Thursday, March 13, 2008

Moving Forward

It is an interesting time indeed. The quest for the authentic Christian life often leads people down the road of history in hopes of discovering how one ought to live. Like an onion, they begin to peel away the many layers of religiosity and Christendom, only to look into their hands and find they are empty. In light of this, I cannot help but visualize what the church Christ came for is intended to look like. Aware of 20 centuries of missions history, the growth of the first century church continues to be an enigma to me. In the early church period, people were committed to the cause of Christ at the risk of martyrdom, using all avenues available to see the Gospel of Christ advance. Orthodoxy and orthopraxy were central to early missions. Samuel Escobar comments on the early church "Conversion to Christ brought a Christian experience that included belief in the gospel of Christ, who was confessed as Savior and Lord by His atoning death in the cross and resurrection; a change of behavior in order to live a life worthy of the gospel, patterned on Jesus' example; and belonging to the body of Christ, the new humanity God was creating in his church." In the centuries before Constantine, the expansion of Christianity took place because of the hundreds and thousands of testimonies of peoples lives changed by the power of Christ. However, beyond the 3rd century, maybe earlier, the spread of Christianity succeeded by other means. Constantine issued the Edict of Milan in the year 313, inaugurating a period in which the church was tolerated within a framework of religious freedom. In other words, she lost her reason to fight to survive in a certain sense. In 381 the Edict of Thessalonica established Christianity as the state religion. In crept Christendom.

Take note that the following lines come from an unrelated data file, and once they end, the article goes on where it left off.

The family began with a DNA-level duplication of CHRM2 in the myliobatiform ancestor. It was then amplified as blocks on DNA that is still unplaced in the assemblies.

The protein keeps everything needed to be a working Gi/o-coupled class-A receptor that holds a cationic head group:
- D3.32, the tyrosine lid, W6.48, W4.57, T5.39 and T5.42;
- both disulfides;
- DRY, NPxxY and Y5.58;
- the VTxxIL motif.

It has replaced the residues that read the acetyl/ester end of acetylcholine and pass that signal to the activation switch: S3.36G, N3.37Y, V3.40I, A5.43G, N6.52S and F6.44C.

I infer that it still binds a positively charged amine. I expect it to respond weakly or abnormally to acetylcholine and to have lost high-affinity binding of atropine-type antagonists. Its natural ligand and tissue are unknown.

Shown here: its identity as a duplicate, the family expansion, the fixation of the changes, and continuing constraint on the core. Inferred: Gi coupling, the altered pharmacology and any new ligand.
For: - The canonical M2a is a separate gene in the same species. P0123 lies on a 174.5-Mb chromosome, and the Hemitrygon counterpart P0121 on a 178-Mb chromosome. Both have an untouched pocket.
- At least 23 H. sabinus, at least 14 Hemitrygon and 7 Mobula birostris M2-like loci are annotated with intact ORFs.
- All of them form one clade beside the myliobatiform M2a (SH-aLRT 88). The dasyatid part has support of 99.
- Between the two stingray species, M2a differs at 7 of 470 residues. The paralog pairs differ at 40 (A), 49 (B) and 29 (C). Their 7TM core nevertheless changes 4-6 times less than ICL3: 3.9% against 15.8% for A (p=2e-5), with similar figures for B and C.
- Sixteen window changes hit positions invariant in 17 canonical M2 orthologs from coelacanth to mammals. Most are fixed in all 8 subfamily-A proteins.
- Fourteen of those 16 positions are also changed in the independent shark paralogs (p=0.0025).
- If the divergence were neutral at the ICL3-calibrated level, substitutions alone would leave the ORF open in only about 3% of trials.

Over time we see her being the catalyst of the political, social and cultural fabric in the west. Additionally, she brought with her the many ideas of Christendom. She spread across Europe by forcing herself upon the masses. Now in Western America the church is in a somewhat similar state. For example, there isn’t the resistance to the church like there was in the first century. People’s lives are not threatened due to religious orientation in the west as they were in past.

Today, the spread of Christianity is now measured by other means. Now, some schools of church growth, for example, regard mission as a manageable task that could be completed by a certain date, using appropriate technology and following business principles of management by objectives. When realizing the traditional way of doing missions, I realize to what degree it has become just a human enterprise. It saddens me to think of how far we are from the first century, not just in years but in mission. Nevertheless, the sadness quickly turns into a deep hunger and passion for Christ to move on humanity as He once did. Convicting us all of what He did and changing our response from apathy to action as we share our testimonies in power and love to humanity. Outside our doorsteps lies a world in wait of our stories. The powerful story of Christ and what He did to us may be the most powerful weapon we have for a skeptical postmodern world. The skepticism we face is nothing the first century church didn’t experience. Our fears and doubts are not our own either. As we step into the world I pray we all understand our mission is the same as it was 2000 years ago. To live a life believing the Gospel, compelling us to share the greatest story ever told about a Man who lived among us, relating to us, transforming us and allowing us to share in a Kingdom with a status we don’t deserve.

1 comment:

Reverend GLO said...

Dude...I need your phone number. My cell phone died and I lost all my numbers...